Headlie Taylor’s Hay-Budden Anvil
Along with the forge, the anvil was the most important tool in the blacksmith’s kit. Using the anvil, hot metal was ‘worked’. It was repeatedly hammered and shaped around its angled and conical edges.
Imagine the loud clanging blow of a hammer forming the metal, while the whoosh of bellows pumped air into the forge to maintain enough heat to soften it. Now imagine all this in the middle of summer in western NSW.
Manufactured by the Hay-Budden Manufacturing Company in New York around 1894, this 345 pound anvil (approximately 156 kilograms) was owned and used by Albury’s celebrated agricultural innovator Headlie Taylor. In Headlie’s workshop, it was mounted on a large tree stump to give its working surfaces height. This arrangement also reminds us that this peculiar tool was part of a working farm and at a time when ‘making do’ was widely done.
One often repeated anecdote about Headlie Taylor relates to the problem faced when he went to take the anvil home to his blacksmith shop. How do you lift something roughly twice your body weight off the ground and into a horse drawn cart?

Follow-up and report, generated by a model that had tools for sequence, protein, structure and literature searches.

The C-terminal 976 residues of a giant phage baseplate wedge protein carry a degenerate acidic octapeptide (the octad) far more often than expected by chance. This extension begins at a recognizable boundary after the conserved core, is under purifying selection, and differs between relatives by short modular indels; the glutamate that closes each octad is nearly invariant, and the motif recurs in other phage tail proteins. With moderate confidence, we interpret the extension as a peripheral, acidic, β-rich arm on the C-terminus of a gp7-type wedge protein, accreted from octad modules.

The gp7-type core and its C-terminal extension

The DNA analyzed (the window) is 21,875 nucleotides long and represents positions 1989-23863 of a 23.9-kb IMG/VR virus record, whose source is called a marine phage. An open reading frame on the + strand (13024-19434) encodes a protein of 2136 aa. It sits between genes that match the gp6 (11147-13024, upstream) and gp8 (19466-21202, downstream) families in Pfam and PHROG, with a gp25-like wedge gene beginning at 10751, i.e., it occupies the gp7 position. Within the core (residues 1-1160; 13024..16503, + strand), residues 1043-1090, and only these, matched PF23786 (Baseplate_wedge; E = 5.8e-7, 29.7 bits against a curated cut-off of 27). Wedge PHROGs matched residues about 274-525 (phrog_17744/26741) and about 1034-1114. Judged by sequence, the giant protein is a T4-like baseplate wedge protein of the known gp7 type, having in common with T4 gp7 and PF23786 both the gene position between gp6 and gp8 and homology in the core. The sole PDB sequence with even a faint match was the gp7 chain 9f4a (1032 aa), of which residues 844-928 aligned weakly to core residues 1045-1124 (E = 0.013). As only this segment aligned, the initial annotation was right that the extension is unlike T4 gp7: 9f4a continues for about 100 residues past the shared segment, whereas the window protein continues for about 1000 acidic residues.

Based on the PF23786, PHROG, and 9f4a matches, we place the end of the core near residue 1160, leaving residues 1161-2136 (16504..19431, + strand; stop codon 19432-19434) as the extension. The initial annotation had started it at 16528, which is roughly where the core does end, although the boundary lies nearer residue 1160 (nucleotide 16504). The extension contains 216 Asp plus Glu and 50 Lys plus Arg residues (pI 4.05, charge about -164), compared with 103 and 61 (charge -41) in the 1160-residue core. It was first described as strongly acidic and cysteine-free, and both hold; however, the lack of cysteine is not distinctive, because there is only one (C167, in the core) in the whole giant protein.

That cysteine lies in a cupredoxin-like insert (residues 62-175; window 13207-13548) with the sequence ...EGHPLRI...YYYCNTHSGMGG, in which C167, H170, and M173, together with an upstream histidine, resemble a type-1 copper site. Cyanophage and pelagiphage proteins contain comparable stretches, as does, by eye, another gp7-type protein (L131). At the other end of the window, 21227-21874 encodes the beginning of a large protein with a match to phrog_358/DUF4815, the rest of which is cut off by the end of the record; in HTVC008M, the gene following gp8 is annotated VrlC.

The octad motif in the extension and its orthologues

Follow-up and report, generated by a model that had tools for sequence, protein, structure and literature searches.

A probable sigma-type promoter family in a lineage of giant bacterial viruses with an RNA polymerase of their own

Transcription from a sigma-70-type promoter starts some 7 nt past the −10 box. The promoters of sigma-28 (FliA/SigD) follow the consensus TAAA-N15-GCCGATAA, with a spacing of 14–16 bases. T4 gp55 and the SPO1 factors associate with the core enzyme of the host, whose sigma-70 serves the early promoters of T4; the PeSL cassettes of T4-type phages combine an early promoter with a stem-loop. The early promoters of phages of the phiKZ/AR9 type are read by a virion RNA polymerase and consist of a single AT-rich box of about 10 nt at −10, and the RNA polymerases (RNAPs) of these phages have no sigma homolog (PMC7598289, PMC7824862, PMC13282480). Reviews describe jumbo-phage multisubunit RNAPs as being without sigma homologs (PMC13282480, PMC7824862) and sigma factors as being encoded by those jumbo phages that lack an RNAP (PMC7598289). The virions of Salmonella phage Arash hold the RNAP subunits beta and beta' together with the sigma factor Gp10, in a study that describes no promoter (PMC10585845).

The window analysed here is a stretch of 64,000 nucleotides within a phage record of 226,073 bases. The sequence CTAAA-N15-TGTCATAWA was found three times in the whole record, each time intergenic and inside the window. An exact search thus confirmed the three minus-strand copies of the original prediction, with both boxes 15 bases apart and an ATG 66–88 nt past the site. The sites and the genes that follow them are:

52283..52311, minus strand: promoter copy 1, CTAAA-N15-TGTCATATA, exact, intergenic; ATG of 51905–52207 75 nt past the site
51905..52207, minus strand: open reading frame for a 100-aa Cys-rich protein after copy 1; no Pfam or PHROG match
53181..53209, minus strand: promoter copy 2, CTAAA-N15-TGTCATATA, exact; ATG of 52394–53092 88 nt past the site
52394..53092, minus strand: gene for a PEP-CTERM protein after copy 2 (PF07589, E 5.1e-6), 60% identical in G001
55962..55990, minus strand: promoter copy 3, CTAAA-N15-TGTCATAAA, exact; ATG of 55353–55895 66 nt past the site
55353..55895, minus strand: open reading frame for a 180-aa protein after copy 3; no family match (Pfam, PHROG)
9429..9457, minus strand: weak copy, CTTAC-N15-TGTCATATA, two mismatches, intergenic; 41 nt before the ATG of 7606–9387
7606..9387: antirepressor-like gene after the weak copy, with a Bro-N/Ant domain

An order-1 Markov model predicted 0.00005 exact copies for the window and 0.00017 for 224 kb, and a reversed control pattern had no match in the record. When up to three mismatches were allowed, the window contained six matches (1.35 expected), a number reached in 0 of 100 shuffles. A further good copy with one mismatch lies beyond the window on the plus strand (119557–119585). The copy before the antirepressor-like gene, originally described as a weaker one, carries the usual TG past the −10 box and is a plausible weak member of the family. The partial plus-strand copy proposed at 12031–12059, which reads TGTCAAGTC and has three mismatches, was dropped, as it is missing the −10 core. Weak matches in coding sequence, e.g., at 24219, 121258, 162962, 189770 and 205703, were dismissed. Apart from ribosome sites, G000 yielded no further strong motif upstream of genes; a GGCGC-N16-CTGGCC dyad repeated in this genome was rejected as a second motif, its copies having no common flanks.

In a display of Headlie’s clever problem solving, rather than loading the anvil onto his cart Headlie hoisted the anvil underneath it. Using rope, it was lifted just enough to clear the ground, a technique also used by timbergetters to haul fallen logs. By allowing the anvil to drag or touch the ground it could act as a simple brake, if the cart started to get too fast. Once at its destination, it was simply a matter of maneuvering the anvil into place and lowering it.
Headlie’s simple solution saved a lot of back strain–just like the grain harvesting innovations he created using this very weighty anvil.